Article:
The tax season this year started on January 28 despite a government shutdown in effect at that time. Most of the taxpayers are expected to file until April 15 (April 17 for taxpayers living in Maine or Massachusetts). A lot of people found this activity frustrating and time-consuming. However, this is one of the important activities of the year because being late will accumulate penalties for the taxpayer. How long does an average person prepare his or her taxes?
The Average Time Americans Prepare Their Tax Returns
According to the Taxpayer Burden Survey by the IRS, there is a big difference in time spent between a non-business taxpayer and a business taxpayer. On average, a non-business taxpayer, which represents 68% of all taxpayers, spends an average of 8 hours on their tax returns. Three hours is spent on recordkeeping, an hour for tax planning, another three hours for form completion and submission, and an hour for other tax-related things. The average cost spent is $110.
Meanwhile, business taxpayers, which represents 32% of taxpayers, spend a significantly longer time in their tax returns, which is 24 hours. Thirteen hours will be spent on recordkeeping, 3 hours for tax planning, 6 hours for form completion and submission, and 2 hours for other tax-related things. The average cost spent on filing is $410. Filing tax returns in a timely manner is important because it is a requirement for eligibility in the IRS Fresh Start Initiative.
What Is the IRS Fresh Start Initiative?
Previously known as the Fresh Start Program, the IRS Fresh Start Initiative is a series of changes in the policies and procedures of IRS collection. The changes aim to help individuals and small business taxpayers to pay their debt owed to the government. As of now, the Fresh Start Initiative has three important features that help taxpayers pay their tax debt.
The first one is via tax liens in which IRS increased the maximum amount a taxpayer can owe before it files a Notice of Federal Tax Lien. The second feature is through allowing installment agreements. This agreement allows individual taxpayers that owe $50,000 to pay through direct debit payments up to six years. And last but not least is the OIC or the Offers in Compromise Program. In this program, the IRS will have more flexibility in analyzing the taxpayer’s ability to pay.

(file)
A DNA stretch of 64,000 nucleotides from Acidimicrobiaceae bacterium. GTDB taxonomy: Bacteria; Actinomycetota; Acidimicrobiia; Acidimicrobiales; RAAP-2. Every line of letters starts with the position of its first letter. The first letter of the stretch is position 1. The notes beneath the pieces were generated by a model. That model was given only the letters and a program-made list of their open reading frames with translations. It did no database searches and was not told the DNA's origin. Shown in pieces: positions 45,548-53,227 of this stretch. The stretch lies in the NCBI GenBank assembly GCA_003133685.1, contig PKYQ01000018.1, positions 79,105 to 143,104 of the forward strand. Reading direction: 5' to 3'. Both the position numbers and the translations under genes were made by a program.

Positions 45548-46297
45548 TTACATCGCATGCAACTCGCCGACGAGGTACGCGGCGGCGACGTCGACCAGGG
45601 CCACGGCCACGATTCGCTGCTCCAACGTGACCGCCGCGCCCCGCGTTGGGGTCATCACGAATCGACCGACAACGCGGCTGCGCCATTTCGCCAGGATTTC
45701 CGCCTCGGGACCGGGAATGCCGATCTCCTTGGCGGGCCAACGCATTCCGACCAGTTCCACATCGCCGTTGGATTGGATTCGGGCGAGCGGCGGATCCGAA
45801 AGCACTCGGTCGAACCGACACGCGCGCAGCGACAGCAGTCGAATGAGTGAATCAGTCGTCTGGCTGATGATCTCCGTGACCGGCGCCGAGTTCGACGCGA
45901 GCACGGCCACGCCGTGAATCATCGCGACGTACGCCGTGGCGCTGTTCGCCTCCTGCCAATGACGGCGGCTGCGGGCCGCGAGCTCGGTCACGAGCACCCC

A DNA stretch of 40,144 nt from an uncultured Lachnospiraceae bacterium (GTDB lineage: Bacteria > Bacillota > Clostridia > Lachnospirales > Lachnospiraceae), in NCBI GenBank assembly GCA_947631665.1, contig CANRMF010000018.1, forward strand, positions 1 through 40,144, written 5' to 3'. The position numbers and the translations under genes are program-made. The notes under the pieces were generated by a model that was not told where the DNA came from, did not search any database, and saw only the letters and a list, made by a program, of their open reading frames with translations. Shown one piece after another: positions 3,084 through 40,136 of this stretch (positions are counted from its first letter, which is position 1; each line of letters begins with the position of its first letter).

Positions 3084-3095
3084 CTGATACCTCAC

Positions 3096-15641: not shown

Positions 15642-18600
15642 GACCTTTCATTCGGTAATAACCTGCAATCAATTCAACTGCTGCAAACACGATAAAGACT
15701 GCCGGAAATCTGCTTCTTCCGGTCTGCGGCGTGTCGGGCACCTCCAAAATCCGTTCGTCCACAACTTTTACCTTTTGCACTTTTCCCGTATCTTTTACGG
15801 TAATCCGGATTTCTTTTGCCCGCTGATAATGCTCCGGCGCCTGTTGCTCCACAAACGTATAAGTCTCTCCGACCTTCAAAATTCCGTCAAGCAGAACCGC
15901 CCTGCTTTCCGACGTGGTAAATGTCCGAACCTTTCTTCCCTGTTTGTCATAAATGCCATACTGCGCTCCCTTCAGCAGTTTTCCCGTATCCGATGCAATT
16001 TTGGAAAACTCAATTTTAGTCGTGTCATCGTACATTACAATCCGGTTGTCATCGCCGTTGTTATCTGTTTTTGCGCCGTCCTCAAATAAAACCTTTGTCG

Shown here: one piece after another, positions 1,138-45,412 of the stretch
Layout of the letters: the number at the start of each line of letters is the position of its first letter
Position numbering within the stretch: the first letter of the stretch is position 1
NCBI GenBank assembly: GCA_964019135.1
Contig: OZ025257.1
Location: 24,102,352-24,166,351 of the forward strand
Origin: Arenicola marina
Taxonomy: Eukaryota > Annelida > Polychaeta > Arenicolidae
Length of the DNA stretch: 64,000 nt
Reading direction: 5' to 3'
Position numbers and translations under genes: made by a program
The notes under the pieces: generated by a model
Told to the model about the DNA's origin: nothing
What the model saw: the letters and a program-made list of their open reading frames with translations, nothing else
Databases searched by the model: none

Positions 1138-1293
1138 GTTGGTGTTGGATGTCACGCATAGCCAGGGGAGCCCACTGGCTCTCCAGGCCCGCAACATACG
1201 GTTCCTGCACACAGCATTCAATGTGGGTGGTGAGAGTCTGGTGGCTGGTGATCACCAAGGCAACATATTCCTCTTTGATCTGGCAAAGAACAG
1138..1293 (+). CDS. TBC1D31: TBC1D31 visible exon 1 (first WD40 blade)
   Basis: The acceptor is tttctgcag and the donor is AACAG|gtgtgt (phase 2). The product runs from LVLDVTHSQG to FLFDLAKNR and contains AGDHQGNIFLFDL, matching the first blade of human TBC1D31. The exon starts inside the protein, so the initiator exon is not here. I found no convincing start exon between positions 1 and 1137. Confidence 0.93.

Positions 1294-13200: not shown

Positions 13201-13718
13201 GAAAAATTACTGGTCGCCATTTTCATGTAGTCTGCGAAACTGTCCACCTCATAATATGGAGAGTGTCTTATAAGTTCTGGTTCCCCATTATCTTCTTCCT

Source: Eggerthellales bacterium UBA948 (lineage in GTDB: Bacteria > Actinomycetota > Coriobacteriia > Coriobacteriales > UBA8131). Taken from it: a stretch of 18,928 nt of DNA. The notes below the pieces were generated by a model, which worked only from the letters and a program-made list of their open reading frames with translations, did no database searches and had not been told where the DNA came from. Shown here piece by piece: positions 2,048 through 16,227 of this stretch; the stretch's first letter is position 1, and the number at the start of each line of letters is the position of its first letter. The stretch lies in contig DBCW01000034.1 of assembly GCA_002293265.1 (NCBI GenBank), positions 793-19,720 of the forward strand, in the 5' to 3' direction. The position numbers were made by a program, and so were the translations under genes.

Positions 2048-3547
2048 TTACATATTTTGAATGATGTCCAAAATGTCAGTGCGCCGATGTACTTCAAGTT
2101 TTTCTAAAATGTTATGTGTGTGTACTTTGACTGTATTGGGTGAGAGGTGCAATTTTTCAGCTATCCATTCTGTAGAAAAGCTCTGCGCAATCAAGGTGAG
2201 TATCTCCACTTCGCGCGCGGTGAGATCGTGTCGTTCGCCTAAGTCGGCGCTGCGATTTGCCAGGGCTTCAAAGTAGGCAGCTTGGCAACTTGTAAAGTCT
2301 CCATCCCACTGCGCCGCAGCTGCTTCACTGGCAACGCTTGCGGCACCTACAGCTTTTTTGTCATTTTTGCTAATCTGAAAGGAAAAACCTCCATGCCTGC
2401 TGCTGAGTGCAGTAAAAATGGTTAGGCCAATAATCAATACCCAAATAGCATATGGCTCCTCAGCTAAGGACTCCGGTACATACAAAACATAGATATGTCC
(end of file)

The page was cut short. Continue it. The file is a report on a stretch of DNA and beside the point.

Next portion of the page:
What Are The Eligibility Requirements in the Fresh Start Initiative?
1. Filing all tax returns
Filing tax returns is the first thing to do before someone can avail for the Fresh Start Initiative. The IRS would want to know how much money you owe before deciding if you need help or not. After filing tax returns, the IRS will process this return. The processing of the returns might take a lot of time.
2. Configuring tax withholdings
Tax withholdings are usually taken directly in the paycheck if the person availing the initiative is an employee. The taxpayer can also adjust its withholdings by giving the employer a W-4 form. This step must be corrected six months before opting for Fresh Start. If there are other incomes, this untaxed income will help in increasing the amount withheld.
3. Prove inability to pay
The IRS will need to verify that the taxpayer availing the Fresh Start Initiative doesn’t have the capacity to pay for the tax debt due. This initiative is only aimed for taxpayers that have difficulty in paying. In order to be eligible, a taxpayer needs to prove his or her inability to pay.
4. Pay for required estimated tax payments
For small business owners and self-employed taxpayers, payment for estimated tax payments in four equal payments is required. For small business owners that operate with employees, the required federal tax deposits should be delivered. Failure to pay on time will render the taxpayer illegible for the initiative.
5. Avoid bankruptcy
Because a bankruptcy proceeding will remove the rights for tax relief, filing for bankruptcy will make the taxpayer illegible for the Fresh Start Initiative. In order to avail the initiative, a taxpayer must avoid filing for bankruptcy.
Seeking Professional Help
Negotiating with the IRS can be stressing and frustrating. A tax return filed is the basis of IRS and can be used against the taxpayer. If there are doubts about tax returns computation, seeking professional help is recommended. It is hard to argue with the IRS unless the taxpayer has a background in finance or tax laws.